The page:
In October, the tech industry's biggest companies petitioned Congress to reform the US government's surveillance policies. Now, the firms are taking their pleas global. Microsoft, Apple, Facebook, Google, LinkedIn, Twitter, Yahoo and AOL (Engadget's parent company) have banded together to ask the world's governments to reassess its intelligence practices. This time, however, the firms are presenting more than a strongly worded letter -- they've laid out five core reform principles, detailed both on an official website and in full-page ads in national publications.

The breakdown is fairly straightforward; the group asks that government's authority be imposed with "sensible limitations on their ability to compel service providers to disclose user data," and that they give more consideration to the link between privacy and trust required by technology providers and their users. The group is also demanding increased oversight, accountability and transparency, outlining a system that allows companies to publish the nature and frequency of user information requests and attached to a "clear legal framework" with "strong checks and balances." Governments outside of the US are encouraged to work together too, to create a "robust, principled and transparent framework" to guide requests for data across jurisdictions. The group of tech giants also wants these changes to respect the flow of information, and ensure that service providers are able to build infrastructure on a global scale, without needing to store data inside the country for the sake of national government inquiries.

"Unchecked, undisclosed government surveillance inhibits the free flow of information." Twitter CEO Dick Costolo writes on the movement's website. "The principles we advance today would reform the current system to appropriately balance the needs of security and privacy while safeguarding the essential human right of free expression."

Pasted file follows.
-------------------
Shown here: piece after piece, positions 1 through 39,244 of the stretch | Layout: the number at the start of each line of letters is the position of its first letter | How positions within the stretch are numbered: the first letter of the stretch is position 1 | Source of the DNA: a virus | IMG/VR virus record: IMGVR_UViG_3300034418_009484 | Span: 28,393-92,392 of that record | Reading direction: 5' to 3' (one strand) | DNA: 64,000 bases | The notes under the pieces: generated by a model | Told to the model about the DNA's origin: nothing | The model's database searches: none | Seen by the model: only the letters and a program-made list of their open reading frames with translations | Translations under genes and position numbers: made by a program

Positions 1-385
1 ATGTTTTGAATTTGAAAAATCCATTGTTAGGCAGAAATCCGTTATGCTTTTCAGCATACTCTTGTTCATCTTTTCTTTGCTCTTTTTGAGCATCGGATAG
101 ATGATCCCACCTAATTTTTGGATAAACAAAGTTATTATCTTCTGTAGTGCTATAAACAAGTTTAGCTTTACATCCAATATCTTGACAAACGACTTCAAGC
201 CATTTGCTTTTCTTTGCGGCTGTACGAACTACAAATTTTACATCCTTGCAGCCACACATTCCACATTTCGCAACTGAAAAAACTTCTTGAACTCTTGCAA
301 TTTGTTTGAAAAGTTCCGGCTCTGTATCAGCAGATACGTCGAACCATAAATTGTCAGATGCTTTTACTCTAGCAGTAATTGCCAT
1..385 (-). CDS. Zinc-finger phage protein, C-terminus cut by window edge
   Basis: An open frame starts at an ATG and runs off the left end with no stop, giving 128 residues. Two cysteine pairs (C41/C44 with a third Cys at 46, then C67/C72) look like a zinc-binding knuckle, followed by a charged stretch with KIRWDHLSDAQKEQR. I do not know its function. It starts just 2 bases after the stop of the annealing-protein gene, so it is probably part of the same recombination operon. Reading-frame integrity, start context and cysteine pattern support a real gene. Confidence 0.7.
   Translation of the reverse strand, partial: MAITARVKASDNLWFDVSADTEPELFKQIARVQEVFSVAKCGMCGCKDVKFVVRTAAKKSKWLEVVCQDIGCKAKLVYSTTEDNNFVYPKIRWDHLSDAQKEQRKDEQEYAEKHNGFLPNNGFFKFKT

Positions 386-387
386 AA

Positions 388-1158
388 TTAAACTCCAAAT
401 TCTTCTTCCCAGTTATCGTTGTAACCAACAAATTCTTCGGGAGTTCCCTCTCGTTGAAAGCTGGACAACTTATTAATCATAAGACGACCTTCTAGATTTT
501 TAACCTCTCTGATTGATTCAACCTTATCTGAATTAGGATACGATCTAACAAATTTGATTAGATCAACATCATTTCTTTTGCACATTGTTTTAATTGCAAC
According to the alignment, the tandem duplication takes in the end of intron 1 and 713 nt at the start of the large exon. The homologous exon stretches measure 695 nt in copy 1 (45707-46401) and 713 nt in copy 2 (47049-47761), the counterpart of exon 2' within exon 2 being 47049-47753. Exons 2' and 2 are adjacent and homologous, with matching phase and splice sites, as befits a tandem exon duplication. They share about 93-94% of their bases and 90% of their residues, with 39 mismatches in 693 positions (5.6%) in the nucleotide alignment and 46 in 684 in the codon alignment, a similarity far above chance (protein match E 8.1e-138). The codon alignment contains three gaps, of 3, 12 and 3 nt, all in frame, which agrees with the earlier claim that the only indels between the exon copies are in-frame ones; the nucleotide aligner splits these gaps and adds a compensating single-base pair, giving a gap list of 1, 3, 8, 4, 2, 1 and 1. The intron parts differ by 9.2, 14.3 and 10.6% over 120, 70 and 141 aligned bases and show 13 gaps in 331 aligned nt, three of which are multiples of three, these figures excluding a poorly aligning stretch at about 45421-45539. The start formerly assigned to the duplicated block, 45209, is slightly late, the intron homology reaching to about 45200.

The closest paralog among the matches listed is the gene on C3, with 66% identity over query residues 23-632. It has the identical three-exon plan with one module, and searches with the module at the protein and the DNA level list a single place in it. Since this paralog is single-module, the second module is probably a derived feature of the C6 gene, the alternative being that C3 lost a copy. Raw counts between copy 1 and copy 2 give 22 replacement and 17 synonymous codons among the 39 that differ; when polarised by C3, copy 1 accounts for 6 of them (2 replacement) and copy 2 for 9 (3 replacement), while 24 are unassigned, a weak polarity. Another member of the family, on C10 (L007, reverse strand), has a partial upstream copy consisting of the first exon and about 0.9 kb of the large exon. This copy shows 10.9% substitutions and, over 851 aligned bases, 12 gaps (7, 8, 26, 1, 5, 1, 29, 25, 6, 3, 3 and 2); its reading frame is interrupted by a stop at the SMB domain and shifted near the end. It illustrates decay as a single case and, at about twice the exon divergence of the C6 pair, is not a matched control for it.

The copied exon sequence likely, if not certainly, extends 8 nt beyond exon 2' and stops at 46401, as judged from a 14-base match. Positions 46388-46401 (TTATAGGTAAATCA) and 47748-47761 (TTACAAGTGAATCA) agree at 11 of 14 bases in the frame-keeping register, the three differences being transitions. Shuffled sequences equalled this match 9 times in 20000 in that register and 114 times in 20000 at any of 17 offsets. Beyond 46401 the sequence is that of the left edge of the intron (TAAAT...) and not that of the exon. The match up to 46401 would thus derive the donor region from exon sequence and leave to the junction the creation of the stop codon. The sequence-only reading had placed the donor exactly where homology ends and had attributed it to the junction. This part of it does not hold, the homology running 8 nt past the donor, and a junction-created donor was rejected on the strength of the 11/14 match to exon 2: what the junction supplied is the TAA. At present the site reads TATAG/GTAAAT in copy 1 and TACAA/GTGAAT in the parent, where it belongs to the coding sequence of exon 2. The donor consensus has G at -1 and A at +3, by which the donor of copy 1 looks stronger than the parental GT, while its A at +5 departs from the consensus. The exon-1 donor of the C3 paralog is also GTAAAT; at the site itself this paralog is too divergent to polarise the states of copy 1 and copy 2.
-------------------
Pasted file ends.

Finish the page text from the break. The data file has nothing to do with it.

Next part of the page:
An open letter to Washington underlines the campaign, noting that "the balance in many countries has tipped too far in favor of the state and away from the rights of the individual." The companies pledge to keep user data secure with encryption technology and by fighting unreasonable government requests, but change needs to start from within. "Reports about government surveillance have shown there is a real need for greater disclosure and new limits on how governments collect information." Mark Zuckerberg stated. "The US government should take this opportunity to lead this reform effort and make things right." Indeed, the letter asks that Congress do just that: "take lead and make reforms" that would bring the proposed changes to fruition.

While the firms openly acknowledge the government's need to take certain actions for the public good, it clearly states that the current laws governing surveillance are no good, and may even be hurting future adoption of new technologies. Microsoft's Brad Smith puts it best, "People won't use technology they don't trust. Governments have put this trust at risk, and governments need to help restore it."